“The big thing is teaching our students how to network and give back to the community,” he said. “We want them to get out into the community, have a relationship with the community. They realize they are doing this for a good cause, they’re happy to do this and we have to do things to help.”  


Culinary Arts Department Chair Chef Carl Miller hands bagged soup lunches to a visitor at the World Food Day event. [Photo/Brad Losh]

Todd had already absorbed this knowledge. She said her life experiences have taught her to be grateful for what she has, to not be judgmental of others, and to recognize that when people work in groups, differences can be made. She considers herself fulfilled when those who have been helped simply smile as a response.   

 “One thing I always tell people is never cook with an attitude because it will taste nasty,” she said. “If you cook with love and care, it will taste so much better. And I want to spread love, it comes from the heart, it’s not just words.”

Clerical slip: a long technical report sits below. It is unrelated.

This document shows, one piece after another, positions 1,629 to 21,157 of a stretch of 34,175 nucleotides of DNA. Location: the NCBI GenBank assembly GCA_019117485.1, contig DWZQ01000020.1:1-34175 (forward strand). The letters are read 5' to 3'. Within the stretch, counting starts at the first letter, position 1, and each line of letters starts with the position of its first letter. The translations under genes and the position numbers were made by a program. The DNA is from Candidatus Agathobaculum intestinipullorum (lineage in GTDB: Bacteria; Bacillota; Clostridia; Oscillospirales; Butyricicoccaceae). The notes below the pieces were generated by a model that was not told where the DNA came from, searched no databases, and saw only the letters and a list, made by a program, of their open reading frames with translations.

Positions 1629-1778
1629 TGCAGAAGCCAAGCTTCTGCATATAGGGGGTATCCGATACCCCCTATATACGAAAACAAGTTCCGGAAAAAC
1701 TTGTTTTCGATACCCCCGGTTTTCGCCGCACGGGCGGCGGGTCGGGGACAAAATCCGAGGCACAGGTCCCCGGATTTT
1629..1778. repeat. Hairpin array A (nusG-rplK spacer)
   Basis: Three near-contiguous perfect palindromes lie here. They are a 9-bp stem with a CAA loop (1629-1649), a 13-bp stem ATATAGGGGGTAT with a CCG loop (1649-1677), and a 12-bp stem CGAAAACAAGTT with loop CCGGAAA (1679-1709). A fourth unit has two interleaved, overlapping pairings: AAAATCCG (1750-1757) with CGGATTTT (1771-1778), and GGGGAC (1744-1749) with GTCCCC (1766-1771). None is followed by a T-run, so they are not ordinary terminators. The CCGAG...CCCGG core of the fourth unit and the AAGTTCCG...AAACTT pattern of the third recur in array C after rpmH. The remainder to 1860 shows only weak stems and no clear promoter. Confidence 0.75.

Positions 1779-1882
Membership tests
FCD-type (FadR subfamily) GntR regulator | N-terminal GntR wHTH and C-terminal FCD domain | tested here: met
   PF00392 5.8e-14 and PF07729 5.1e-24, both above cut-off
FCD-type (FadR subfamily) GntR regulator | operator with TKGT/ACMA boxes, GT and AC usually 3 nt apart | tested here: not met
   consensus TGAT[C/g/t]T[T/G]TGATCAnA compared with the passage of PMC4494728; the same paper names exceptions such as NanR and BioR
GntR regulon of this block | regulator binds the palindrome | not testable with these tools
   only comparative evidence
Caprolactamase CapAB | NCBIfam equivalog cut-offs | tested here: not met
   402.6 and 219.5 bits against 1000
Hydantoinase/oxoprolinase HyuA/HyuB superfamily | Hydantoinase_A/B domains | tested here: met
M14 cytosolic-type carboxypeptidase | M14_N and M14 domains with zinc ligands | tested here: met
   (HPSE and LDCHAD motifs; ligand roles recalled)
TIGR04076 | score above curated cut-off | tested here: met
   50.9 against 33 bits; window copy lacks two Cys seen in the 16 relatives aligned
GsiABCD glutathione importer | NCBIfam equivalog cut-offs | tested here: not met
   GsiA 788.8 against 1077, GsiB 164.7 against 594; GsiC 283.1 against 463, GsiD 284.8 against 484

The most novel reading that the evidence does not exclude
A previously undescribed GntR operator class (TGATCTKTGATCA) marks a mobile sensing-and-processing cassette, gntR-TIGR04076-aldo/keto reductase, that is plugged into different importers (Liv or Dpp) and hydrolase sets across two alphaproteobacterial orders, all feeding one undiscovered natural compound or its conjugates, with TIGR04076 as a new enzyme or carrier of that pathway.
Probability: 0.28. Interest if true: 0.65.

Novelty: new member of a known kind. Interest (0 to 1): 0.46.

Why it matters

Todd wants one day to have her own restaurant or food truck and to also operate a 24-hour kitchen for the hungry. She plans to graduate from FTCC as a double major in culinary arts and hospitality management in 2021.   

 “These degrees will help me in some ways to accomplish that goal as I won’t have any excuse to say ‘I can’t’ with the right certifications,” she said. “It’s my heart’s desire to feed the hungry. Everyone out there isn’t bad, it’s just that life happens. It’s not for publicity, it’s part of my heart and purpose, to reach out to the less fortunate.”   


Hope Mills Mayor Pro Tem Jackie Warner, first on the right, and Hope Mills Commissioner and Mayor Pro Tem Dr. Kenjuana McCray, second from the right, serve bagged soup meals to visitors at the World Food Day event. [Photo/Brad Losh]

For more information about FTCC’s Culinary Arts Program, please click here .